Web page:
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Haynes v. Library of Congress

United States District Court, District of Columbia

February 13, 2019



          TREVOR N. MCFADDEN, U.S.D.J.

         The Library of Congress did not hire Marcus Haynes when he applied for a reference librarian position. Mr. Haynes alleges that, in rejecting his application, the Library discriminated against him based on his disability and retaliated against him based on earlier Equal Employment Opportunity complaints he filed against the Library. The Library has moved for a judgment on the pleadings. For reasons given below, the Court will grant the Library's motion in part.


         Mr. Haynes worked for the Library for nine years before the Library fired him in 2001 for performance issues. Compl. at 5; ECF No. 1. In 2017, Mr. Haynes re-applied for a Library position as a reference librarian, specializing in music. Id. The Library did not hire him. Id. at 1. Alleging discrimination and retaliation, Mr. Haynes filed an informal complaint and then a formal complaint with the Library's Equal Employment Opportunity (“EEO”) Office. Id. at 2.

         Mr. Haynes, proceeding pro se, now seeks relief in federal court, alleging that the Library refused to hire him as a “reprisal for [his] prior complaint and to discriminate against [his] disability.” Compl. at 1. While far from clear, it seems that he is alleging that when he worked for the Library before, he sought accommodations based on disability, but the Library denied his requests. See generally Compl. at 1. In response, he filed complaints against the Library in 2000 and again in 2012. Id. at 2. So, according to Mr. Haynes, the Library rejected his 2017 application to retaliate against him because of these earlier complaints. Id. at 1.[1]


         Federal Rule of Civil Procedure 12(c) states that “[a]fter the pleadings are closed but within such time as not to delay the trial, any party may move for judgment on the pleadings.” Fed.R.Civ.P. 12(c). The Court evaluates a Rule 12(c) motion for judgment on the pleadings under the same standard as a Rule 12(b)(6) motion to dismiss. See Rollins v. Wackenhut Servs., Inc., 703 F.3d 122, 130 (D.C. Cir. 2012) (treating a Rule 12(c) motion as “functionally equivalent to a Rule 12(b)(6) motion”).

         To survive a motion to dismiss for failure to state a claim, a complaint must contain enough factual allegations that, if true, “state a claim to relief that is plausible on its face.” Bell Atl. Corp. v. Twombly, 550 U.S. 544, 570 (2007). Plausibility requires that a complaint raise “more than a sheer possibility that a defendant has acted unlawfully.” Ashcroft v. Iqbal, 556 U.S. 662, 678 (2009). Pleading facts that are “merely consistent with” a defendant's liability “stops short of the line between possibility and plausibility.” Twombly, 550 U.S. at 545-46. Thus, courts do not accept the truth of legal conclusions or “[t]hreadbare recitals of the elements of a cause of action, supported by mere conclusory statements.” Iqbal, 556 U.S. at 678.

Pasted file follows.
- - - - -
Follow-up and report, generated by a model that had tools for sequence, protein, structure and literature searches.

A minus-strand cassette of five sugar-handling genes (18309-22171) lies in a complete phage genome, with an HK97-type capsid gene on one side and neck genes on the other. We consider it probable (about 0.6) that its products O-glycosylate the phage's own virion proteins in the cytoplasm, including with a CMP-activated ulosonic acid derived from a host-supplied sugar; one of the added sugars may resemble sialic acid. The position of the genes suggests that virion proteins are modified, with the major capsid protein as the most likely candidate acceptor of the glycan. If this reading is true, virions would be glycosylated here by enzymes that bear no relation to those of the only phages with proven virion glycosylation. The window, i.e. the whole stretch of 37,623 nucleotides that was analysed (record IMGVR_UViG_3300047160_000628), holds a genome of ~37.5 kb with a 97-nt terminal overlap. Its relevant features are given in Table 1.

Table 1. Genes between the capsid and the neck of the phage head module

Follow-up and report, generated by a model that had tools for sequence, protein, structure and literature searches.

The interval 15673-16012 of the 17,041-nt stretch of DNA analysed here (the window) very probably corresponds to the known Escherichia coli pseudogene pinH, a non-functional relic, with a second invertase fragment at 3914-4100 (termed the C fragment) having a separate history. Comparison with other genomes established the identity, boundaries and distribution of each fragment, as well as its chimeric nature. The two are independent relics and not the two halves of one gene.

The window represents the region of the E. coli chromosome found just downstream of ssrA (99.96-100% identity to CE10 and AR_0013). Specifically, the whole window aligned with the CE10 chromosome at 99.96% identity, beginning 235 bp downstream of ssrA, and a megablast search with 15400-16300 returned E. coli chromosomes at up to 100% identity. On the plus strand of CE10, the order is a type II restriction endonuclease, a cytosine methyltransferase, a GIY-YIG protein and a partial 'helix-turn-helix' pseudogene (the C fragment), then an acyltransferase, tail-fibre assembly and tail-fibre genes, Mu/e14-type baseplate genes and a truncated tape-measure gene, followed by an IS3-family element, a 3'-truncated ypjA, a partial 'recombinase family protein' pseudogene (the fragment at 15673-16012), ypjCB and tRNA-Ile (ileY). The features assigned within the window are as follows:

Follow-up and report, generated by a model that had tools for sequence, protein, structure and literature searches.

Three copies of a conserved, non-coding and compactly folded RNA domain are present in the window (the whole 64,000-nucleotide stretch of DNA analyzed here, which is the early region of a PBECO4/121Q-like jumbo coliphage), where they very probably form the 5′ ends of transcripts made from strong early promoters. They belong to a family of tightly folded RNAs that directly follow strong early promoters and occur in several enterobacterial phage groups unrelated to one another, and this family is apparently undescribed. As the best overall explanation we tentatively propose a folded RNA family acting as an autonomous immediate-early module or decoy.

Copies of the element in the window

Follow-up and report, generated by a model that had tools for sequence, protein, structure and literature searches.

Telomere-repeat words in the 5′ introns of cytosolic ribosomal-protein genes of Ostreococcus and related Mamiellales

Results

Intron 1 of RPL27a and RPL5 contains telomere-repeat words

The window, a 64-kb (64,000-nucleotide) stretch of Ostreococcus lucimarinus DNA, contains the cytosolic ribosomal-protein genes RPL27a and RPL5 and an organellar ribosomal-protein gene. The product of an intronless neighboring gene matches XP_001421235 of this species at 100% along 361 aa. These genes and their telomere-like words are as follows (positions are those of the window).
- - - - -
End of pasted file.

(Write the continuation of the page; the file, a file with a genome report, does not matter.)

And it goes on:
But courts must accept the nonmovant's allegations as true and view the facts in the light most favorable to the nonmovant. See Judicial Watch, Inc. v. Clinton, 880 F.Supp. 1, 7 (D.D.C. 1995). Consideration is limited to “the facts alleged in the complaint, any documents either attached to or incorporated in the complaint and matters of which the court may take judicial notice.” Hurd v. D.C., Gov't, 864 F.3d 671, 678 (D.C. Cir. 2017). And the moving party bears the burden of showing the complaint's insufficiency. Cohen v. Bd. of Trs. of the Distr. of Columbia, 819 F.3d 476, 481 (D.C. Cir. 2016).



         The Library urges the Court to dismiss Mr. Haynes's Complaint, arguing that Mr. Haynes failed to exhaust his administrative remedies. Mot. for Judgment on the Pleadings (“Mot.”) at 6- 9; ECF No. 16. According to the Library, it rejected Mr. Haynes's job application on November 21, 2017 because it determined that he did not have the knowledge, skills, and abilities for the position. Mot. at 4. Under the Library's regulations, staff members and qualified applicants[2]must file an administrative complaint with the EEO Office within 45 days of the alleged discriminatory event.[3] See Library of Congress Regulation (“LCR”) 11-310, Resolving Complaints of Discrimination at 3; ECF No. 16-1. The Library argues that Mr. Haynes, thus, missed his deadline by four days because he did not file his complaint until January 9, 2018. Mot. at 5.

         Before filing a lawsuit under Title VII, plaintiffs must exhaust their administrative remedies. See Park v. Howard University, 71 F.3d 904, 907 (D.C. Cir. 1995). As the Library acknowledges, “untimely exhaustion of Title VII administrative remedies is an affirmative defense, [so] the defendant bears the burden of pleading and proving it.” Rosier v. Holder, 833 F.Supp.2d 1, 5 (D.D.C. 2011) (quoting Bowden v. United States, 106 F.3d 433, 437 (D.C. Cir. 1997)).

         As the Library points out, its regulation largely mirrors EEOC's regulation: “An aggrieved person must initiate contact with a Counselor within 45 days of the date of the matter alleged to be discriminatory or, in the case of personnel action, within 45 days of the effective date of the action.” 29 C.F.R. § 1614.105(a)(1). But the deadline tolls if the aggrieved person “did not know and reasonably ...

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